Book review: A Glimpse of Empire

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A Glimpse of Empire
Jessica Douglas-Home
(Michael Russell, £17.95)

This book is a classic, and if, given the prevailing Downtonmania, the British public doesn’t make it
a bestseller, it will have deprived itself of a treat. Lilah Wingfield was a high-spirited Irish girl, brought up in the marmoreal grandeur of Powerscourt Castle so cold that ‘Nanny put her flannel apron on the bed to warm our frozen feet’. Despite the Spartan regime, Powerscourt was heaven, not least because Lilah’s parents, whom she barely saw, allowed their young family to run wild. That life came to an end in 1904, when her father died of pneumonia.

The restrictions of polite society in London, her new home, came as a shock, and her previously inattentive mother became demanding. Not caring for any of the men she might have married, she engineered an escape by visiting the 1911 Delhi Durbar, in the company of another young woman and an impeccably harmless older man. She kept a journal of all that she did and saw, and it is the basis of this book.

First, the party had to get there, risking, in Lilah’s case, the attentions of the Comte de Madre, a ‘funny old Frenchman’ on the prowl for a suitable young wife, but being more intrigued by the 13-year-old Maharaja of Jodhpur and his guardian. After a fortnight at sea, they spent another two days on a train, before arriving at the Tented City. City was not too strong a word, as it housed 250,000 people, but tent hardly suggests the luxury amid which some of the 475-odd Indian princes lived.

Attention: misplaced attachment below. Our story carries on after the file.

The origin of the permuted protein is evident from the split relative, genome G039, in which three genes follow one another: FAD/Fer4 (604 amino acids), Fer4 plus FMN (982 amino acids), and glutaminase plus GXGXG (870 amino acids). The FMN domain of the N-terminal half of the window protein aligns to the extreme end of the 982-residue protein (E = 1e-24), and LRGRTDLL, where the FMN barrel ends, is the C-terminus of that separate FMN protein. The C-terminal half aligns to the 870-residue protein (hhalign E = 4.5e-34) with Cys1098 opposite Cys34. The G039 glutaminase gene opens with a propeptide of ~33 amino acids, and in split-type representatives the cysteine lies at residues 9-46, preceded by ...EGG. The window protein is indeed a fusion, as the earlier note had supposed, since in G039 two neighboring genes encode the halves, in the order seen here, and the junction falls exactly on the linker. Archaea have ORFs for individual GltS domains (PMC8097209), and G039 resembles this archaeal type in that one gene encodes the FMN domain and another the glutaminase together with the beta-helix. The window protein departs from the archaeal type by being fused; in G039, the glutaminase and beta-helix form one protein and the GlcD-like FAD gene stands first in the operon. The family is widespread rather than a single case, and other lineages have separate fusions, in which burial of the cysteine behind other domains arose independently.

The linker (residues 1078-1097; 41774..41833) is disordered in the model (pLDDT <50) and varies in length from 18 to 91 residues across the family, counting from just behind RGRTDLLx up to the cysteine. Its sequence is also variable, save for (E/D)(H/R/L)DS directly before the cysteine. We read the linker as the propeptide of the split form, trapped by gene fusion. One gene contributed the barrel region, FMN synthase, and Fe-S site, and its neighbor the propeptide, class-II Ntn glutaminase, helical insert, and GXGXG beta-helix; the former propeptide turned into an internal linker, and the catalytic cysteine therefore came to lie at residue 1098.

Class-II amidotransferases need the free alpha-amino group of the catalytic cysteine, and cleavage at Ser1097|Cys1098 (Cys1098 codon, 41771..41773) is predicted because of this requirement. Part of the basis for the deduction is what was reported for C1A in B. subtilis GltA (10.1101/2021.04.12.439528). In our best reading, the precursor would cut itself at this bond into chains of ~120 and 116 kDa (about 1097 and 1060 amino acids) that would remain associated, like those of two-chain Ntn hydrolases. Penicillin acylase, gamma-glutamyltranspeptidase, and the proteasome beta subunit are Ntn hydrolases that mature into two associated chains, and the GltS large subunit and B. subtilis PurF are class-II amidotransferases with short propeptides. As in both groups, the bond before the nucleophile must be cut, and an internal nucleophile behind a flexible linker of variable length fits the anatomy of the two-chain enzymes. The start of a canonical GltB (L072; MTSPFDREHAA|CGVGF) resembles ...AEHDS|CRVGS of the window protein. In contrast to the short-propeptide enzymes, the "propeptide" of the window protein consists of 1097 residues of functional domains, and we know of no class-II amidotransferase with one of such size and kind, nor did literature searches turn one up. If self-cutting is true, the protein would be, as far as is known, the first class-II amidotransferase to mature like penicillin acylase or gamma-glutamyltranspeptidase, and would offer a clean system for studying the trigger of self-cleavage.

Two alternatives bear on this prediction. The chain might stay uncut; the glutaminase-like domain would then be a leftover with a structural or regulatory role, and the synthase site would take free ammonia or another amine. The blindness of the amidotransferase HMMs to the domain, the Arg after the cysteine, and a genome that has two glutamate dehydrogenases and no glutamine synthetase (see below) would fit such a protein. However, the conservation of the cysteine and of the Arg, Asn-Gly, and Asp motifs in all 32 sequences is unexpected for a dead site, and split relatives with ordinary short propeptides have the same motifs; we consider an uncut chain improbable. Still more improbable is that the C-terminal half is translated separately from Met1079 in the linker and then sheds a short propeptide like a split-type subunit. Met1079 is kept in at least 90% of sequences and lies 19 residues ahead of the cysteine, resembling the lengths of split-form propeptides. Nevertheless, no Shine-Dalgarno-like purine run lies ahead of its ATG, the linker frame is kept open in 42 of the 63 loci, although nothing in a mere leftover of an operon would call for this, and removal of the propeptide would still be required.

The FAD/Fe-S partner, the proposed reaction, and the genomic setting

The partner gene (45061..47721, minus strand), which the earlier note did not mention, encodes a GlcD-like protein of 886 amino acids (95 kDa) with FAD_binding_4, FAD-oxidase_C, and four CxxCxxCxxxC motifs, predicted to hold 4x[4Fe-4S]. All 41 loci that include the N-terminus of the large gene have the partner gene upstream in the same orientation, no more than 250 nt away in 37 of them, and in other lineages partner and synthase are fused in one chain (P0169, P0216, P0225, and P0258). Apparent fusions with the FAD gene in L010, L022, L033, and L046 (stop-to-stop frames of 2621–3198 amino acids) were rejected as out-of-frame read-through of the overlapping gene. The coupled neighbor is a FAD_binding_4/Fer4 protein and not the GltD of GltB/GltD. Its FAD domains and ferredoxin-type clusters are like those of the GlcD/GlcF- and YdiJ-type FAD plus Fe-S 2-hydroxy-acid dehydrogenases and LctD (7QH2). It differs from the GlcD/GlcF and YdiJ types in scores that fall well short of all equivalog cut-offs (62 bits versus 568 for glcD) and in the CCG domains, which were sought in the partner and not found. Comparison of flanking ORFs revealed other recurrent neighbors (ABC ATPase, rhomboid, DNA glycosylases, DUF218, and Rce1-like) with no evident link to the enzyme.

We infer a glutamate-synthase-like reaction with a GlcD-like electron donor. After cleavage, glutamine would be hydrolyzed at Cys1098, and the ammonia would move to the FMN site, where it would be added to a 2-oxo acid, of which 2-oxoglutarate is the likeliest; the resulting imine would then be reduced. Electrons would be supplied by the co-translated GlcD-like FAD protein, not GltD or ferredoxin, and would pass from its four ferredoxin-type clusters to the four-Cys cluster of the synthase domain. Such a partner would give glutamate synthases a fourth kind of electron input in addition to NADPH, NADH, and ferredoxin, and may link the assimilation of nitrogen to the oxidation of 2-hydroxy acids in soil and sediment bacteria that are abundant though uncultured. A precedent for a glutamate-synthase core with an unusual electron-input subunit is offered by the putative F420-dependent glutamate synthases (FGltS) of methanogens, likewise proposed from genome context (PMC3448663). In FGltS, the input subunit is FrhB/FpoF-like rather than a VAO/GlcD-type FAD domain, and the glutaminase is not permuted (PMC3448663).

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The anticlimax of the Emperor King’s entry to Delhi, sitting on a small, bay horse, specially chosen for its docility, was ‘rather a pity’, but otherwise, the ‘mass of colour’ presented by the British troops, all glittering spear points and dancing pennons, made ‘a wonderful, really wonderful sight’. That, however, was nothing to the glamour of the maharajahs: ‘The jewels worn by the occupants of the coaches were a thing to dream of-great ropes of pearls and emeralds as large as pigeon eggs such as I have never seen before and so strange to see them adorning men.’

Lilah loved every moment, and if she didn’t witness the 21-year-old, cricket-playing Maharaja of Patiala wearing only a diamond-encrusted breastplate (although the family tradition whereby ruling maharajahs showed themselves to their people in a state of sacred erection had been discontinued, he was practising to emulate his forebears), she enjoyed the superb horsemanship shown by her young friend the Maharaja of Jodphur, who mastered a difficult steed as he saluted, before ‘charging off like lightning to a roar of applause from the crowd’.

George V may not have been an imaginative man, but he had an enlightened view of the princes, never allowing the word ‘native’ to be uttered in his presence. Others may have panicked when a neighbouring tent caught fire during dinner, but he and Queen Mary kept their seats. Lilah managed to get home without becoming the Maharaja of Jaipur’s sixth wife or 19th concubine, nor even, despite encountering Annie Besant on the ship home, a Theosophist. At home, she soon married the MP Clive Morrison-Bell. Children and grandchildren came, one of them being the author. She never returned to India, but we can through this enchanting book.

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